Artists Exploring We Will Chicago
We Will Chicago was adopted by the Chicago Plan Commission on February 16, 2023. The three-year planning endeavor establishes a citywide roadmap for equity and resiliency.
From its initial stages artists have been an integral part of the We Will Chicago planning process. The Department of Cultural Affairs and Special Events (DCASE) has commissioned five projects from artists across the city to continue engaging residents in the themes and goals of the plan.
In 2023, members of the public were invited to participate in conversations, performances, workshops, film screenings and more. Learn more about the selected artists and projects below.
Peregrine Bermas created Freedom Fighter Herbs as a mutual aid effort to provide locally grown medicinal plants to community members impacted by systemic issues such as lack of access to healthy foods, chronic disease and inequitable policing. Through We Will Chicago, Bermas plans to explore public health and safety by developing tools, resources and educational programs in partnership with the #LetUsBreatheCollective. This alliance of artists and activists works to increase access to resources for wellness and protection imagining a world without prisons and police.
Visual artist Jonathan Castillo's work honors the spaces and people that provide services in Chicago's diverse neighborhoods. A former Diane Dammeyer fellow in the photographic arts and social issues, Castillo's We Will Chicago project will explore how small businesses contribute to Chicago's South and West Side. Through environmental portraits, photographic interiors and interviews, Castillo seeks to build positive narratives about entrepreneurship in underserved neighborhoods. In 2024, an exhibition of his work will be made available to the public.
Artists Natalie Perkins and Yaritza Guillen are experienced organizers and gardeners. With a passion for community building, Perkins and Guillen worked with residents of South Shore to construct a weather-adaptable pergola at the South Merrill community garden, an area protected by the NeighborSpace land trust. Through an intergenerational design process, the team built a public green space that supports We Will Chicago's goals of environmental justice and resiliency.
Congo Square Theatre Company's upcoming Celebration of Healing initiative builds around the world premiere of “How Blood Go” by Lisa Langford, which will run through April 23, 2023, at Steppenwolf’s 1700 Theater at 1700 N. Halsted St. “How Blood Go” analyzes the past, present and future of racial inequality in America’s healthcare system, particularly for Black communities. Supported by We Will Chicago, the Celebration of Healing included film screenings, health resource fairs, and community conversations exploring the themes of social justice, health and well-being that run through Langford's play.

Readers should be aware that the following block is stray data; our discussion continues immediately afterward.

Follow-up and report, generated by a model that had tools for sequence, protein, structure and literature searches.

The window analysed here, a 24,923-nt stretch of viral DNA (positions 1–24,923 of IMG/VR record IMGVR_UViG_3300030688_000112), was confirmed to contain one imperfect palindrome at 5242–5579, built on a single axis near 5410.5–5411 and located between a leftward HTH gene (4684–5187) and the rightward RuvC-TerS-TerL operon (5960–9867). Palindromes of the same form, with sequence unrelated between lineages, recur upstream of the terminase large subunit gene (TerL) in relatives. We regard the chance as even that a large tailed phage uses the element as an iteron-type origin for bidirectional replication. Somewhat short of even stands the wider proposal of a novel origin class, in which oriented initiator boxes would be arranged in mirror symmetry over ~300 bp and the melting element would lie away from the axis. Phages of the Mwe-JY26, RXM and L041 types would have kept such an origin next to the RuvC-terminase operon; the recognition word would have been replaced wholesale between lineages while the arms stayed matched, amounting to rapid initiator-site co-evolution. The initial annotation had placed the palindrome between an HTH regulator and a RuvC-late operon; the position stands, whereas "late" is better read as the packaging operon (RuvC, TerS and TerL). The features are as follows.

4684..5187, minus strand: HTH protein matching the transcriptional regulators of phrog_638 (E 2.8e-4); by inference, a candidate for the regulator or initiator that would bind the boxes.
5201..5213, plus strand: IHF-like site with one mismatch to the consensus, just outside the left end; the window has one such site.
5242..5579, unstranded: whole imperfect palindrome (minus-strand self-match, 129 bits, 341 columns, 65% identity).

Mobile Makers’ is developed a one-day-only block party that will run from 11 a.m. to 5 p.m. on Saturday, May 13 at 1757 N. Kimball Ave., in the alley between the Kimball Arts Center and the 606 Trail. Mobile Makers mission is to create spaces for all to make, play, learn new skills and hold community conversations about design. Supported by We Will Chicago in partnership with neighborhood organizations, the block party included workshops and activities for all ages.
We Will Chicago Artist-Organizers & Honey Pot Performance Team (2021/2022)
In 2021, Honey Pot Performance (HPP) was selected by the City of Chicago to serve as the lead public engagement artists on We Will Chicago. HPP is a collective of artists inspired by the Fifth City model, a radical community experiment from the 1960s-1980s in Garfield Park. Their work centers on consensus-building strategies and focusing on community members as leaders, experts, and problem solvers.
Artist and organizer teams were specifically aligned with the seven core pillar issues of the We Will Chicago: Arts & Culture, Economic Development, Environment, Climate & Energy, Housing & Neighborhoods, Lifelong Learning, Public Health & Safety, Transportation & Infrastructure. Artist teams will engage with the community in a two-part approach. Teams in community anchor hubs address issues in assigned neighborhoods throughout the city, and a mobile team covers the remaining communities. Each team will have its own programming—workshops, conversations, design exercises, knowledge and skill shares, etc.—to activate the ideas and concepts that are most important to its community’s interests.
Following a period of learning, experimenting, making, and dialogue, each hub generated an action plan and creative outputs based on the core ideas, solutions, and recommendations that emerged from their time together.